Plus other fascinating facts and figures from World Series Game 2
By Andrew Simon, Matt Kelly and Manny Randhawa
After dropping Game 1 of the World Series, the Cubs bounced back on Wednesday night, with a 5-1 victory over the Indians at Progressive Field.
The series-evening triumph was the first World Series game win for the franchise since Game 6 of the 1945 Fall Classic on Oct. 8, 1945. That's a span of 25,952 days, which is a numerical palindrome (the same number forwards and backwards).
The upcoming Game 3 could be the real decider, though. In World Series with a 2-3-2 format, which was established in 1925, 43 series have been tied 1-1 going into Game 3. Teams that have won Game 3 at home have won 16 of 23 series, while teams that have won Game 3 on the road have won 14 of 20, for an overall series record of 30-13. However, the last two teams to win Game 3 after a 1-1 split (the 2014 Royals and 2013 Cardinals) went on to lose the Series.
Here are some other facts and figures to know about Game 2:
Arrieta keeps Tribe bats quiet
• Jason Kipnis recorded the Indians' first hit of the night with a one-out double in the bottom of the sixth. That ended Jake Arrieta's no-hit bid at 5 1/3 innings, the third-longest by a Cubs pitcher in World Series history, following Ed Reulbach's six-inning bid in Game 2 of the 1906 World Series and Mordecai "Three-Finger" Brown's 5 2/3-inning bid in Game 4 of that same Fall Classic.
• Arrieta's 5 1/3 no-hit innings gave him the longest no-hit bid by any pitcher for any club in the World Series since the Mets' Jerry Koosman lasted six no-hit innings in Game 2 of the 1969 Fall Classic.
• With his first strikeout of the game and 39th in his postseason career, Arrieta broke a tie with Kerry Wood for the most in Cubs history. After picking up six strikeouts on the night, Arrieta now has 44, nine ahead of teammate Jon Lester in his Cubs career.
• Arrieta, two Cubs relievers and seven Indians pitchers combined for the first game out of 30 this postseason without a home run allowed.
Chicago's bats wake up
• Anthony Rizzo's first-inning RBI double gave the Cubs their first lead in a World Series game since Stan Hack clubbed a walk-off double in the bottom of the 12th inning to win Game 6 of the 1945 Fall Classic against Detroit.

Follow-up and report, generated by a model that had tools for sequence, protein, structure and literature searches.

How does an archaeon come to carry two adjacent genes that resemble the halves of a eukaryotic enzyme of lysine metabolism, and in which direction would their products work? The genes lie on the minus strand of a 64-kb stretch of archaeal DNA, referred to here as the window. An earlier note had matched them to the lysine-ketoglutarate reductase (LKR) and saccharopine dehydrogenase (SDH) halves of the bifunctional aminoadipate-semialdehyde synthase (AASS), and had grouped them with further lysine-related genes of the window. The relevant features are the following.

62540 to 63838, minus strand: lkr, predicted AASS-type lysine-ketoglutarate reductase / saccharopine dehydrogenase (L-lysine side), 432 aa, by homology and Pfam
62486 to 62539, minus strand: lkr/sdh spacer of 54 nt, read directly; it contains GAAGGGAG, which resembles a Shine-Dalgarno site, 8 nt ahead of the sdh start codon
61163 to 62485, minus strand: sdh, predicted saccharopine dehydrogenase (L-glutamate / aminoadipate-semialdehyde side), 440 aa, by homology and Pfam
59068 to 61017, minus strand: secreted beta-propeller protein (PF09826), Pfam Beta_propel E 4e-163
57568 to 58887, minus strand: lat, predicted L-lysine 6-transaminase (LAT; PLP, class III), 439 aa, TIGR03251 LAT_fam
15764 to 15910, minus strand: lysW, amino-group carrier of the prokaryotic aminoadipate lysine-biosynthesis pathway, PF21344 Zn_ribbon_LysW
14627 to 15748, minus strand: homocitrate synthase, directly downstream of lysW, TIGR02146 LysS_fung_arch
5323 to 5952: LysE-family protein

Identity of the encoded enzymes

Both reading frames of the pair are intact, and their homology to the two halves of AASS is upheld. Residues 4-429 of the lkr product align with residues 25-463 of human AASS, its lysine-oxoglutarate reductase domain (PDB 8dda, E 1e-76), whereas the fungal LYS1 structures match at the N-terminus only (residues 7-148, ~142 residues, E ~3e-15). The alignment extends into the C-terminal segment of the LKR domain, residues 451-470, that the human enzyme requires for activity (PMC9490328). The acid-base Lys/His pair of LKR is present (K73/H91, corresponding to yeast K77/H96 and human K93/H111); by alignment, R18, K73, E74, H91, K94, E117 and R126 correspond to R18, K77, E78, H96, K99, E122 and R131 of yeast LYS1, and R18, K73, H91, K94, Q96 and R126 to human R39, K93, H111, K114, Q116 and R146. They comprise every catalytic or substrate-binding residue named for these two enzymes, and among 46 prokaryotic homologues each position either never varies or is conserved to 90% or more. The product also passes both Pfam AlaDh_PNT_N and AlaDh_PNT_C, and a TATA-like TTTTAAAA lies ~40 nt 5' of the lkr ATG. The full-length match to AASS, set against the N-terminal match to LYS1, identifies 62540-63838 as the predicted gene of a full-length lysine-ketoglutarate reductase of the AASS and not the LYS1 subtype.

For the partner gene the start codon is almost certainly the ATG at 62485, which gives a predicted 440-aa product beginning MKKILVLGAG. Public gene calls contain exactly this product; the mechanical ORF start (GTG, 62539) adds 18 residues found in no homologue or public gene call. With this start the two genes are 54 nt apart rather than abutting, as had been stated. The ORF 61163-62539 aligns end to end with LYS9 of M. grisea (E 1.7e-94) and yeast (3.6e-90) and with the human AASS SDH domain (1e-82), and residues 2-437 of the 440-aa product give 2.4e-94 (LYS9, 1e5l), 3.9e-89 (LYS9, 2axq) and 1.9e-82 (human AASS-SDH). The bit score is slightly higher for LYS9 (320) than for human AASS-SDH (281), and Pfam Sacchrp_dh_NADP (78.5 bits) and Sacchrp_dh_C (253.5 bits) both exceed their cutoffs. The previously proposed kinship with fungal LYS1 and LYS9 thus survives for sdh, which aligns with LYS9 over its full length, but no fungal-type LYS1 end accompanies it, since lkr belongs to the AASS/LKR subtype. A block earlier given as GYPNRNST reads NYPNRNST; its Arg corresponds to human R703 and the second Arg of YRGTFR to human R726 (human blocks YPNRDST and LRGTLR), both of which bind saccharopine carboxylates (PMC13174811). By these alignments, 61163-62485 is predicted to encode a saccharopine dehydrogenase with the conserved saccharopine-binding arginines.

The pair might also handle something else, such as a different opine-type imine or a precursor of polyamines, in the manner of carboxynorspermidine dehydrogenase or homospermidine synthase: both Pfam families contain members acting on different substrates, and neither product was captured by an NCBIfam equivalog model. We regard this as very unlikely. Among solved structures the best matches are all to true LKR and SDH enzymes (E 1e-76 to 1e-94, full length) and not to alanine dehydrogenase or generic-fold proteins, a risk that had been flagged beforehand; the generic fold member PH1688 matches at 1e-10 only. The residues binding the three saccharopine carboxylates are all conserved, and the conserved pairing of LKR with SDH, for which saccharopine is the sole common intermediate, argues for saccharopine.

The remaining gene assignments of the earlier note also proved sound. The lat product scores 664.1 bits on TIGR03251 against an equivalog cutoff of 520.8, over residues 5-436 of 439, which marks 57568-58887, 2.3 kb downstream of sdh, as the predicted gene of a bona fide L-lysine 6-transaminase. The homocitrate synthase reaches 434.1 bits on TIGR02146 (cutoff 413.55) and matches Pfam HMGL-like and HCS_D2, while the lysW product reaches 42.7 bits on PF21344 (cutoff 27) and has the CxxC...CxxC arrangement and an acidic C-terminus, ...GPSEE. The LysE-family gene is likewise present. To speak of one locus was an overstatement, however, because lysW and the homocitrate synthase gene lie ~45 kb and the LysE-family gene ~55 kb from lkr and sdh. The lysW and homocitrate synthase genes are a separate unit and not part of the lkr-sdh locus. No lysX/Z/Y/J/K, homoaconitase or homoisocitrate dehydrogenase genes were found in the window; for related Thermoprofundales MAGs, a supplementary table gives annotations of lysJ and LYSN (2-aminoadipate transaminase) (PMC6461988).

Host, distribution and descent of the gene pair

• With two outs in the top of the third, Kyle Schwarber singled on a 3-0 pitch from Indians starter Trevor Bauer to bring Rizzo home and give the Cubs a 2-0 lead. It was the first RBI hit on a 3-0 count in the World Series since Trot Nixon of the Red Sox knocked a run-scoring double in Game 4 of the 2004 Fall Classic and only the second RBI to come on a 3-0 count in Cubs postseason history. Mark Grace's sacrifice fly in Game 4 of the 1989 NLCS was the first.
• Schwarber knocked in another run with an RBI single in the top of the fifth, giving him a total of 10 RBIs over his first two postseasons. Schwarber is now one of four Cubs in history with at least 10 postseason RBIs, and three of them were in Chicago's lineup Wednesday night: Schwarber, Kris Bryant and Javier Baez. Aramis Ramirez is the fourth.
• Ben Zobrist tripled in Rizzo for the Cubs' third run of the game with one out in the fifth inning. Zobrist, who is 35, became the oldest player to triple in the World Series since the Yankees' Ruben Sierra in Game 4 of the 2003 Fall Classic. Sierra, 38, hit a game-tying two-run triple in the ninth inning against the Marlins.
• Chicago kept the pressure on when Addison Russell drew a four-pitch walk from Cleveland's Bryan Shaw with the bases loaded in the fifth to extend the Cubs' lead to 5-0. It was the first bases-loaded walk issued by Shaw in his six-year career.
Impressive Indians streaks snapped
• For the first time in his managerial career, Indians skipper Terry Francona lost a World Series game. At 9-0, Francona had the longest career-opening winning streak in history. He still ended up with the third-longest streak at any point, behind Hall of Famers Joe Torre (14) and Joe McCarthy (10).
• Before Wednesday, the Indians had allowed one run in 36 innings over their previous four postseason home games, going back to Game 2 of the AL Division Series against the Red Sox. But on this night, they surrendered two runs in the first three innings and five total.
• The Indians trailed for more innings in Game 2 (all nine) than they had all postseason entering the night (eight).
Little frigid out there
• The thermometer in Cleveland read 43 degrees when Bauer delivered the first pitch, making Game 2 the coldest World Series contest since Game 3 of the 2006 Fall Classic between the Tigers and Cardinals in St. Louis. Cleveland still holds the distinction of hosting the coldest World Series game on record: Game 4 in 1997, which featured snow flurries and a first-pitch temperature of 35 degrees.
• Bauer needed 87 pitches to compile 11 outs and left trailing, 2-0. Bauer is only the third pitcher in World Series history to throw at least 87 pitches in less than four innings of work, joining Tim Wakefield of the Red Sox in Game 1 of the 2004 World Series and Livan Hernandez of the Giants in Game 3 of the 2002 Fall Classic.
• Bauer and six Indians relievers combined to throw 196 pitches, equaling the fourth-most delivered by any team in a World Series game that lasted the standard nine innings since 1993, and the most since the Rockies needed 197 pitches in Game 1 of the 2007 World Series.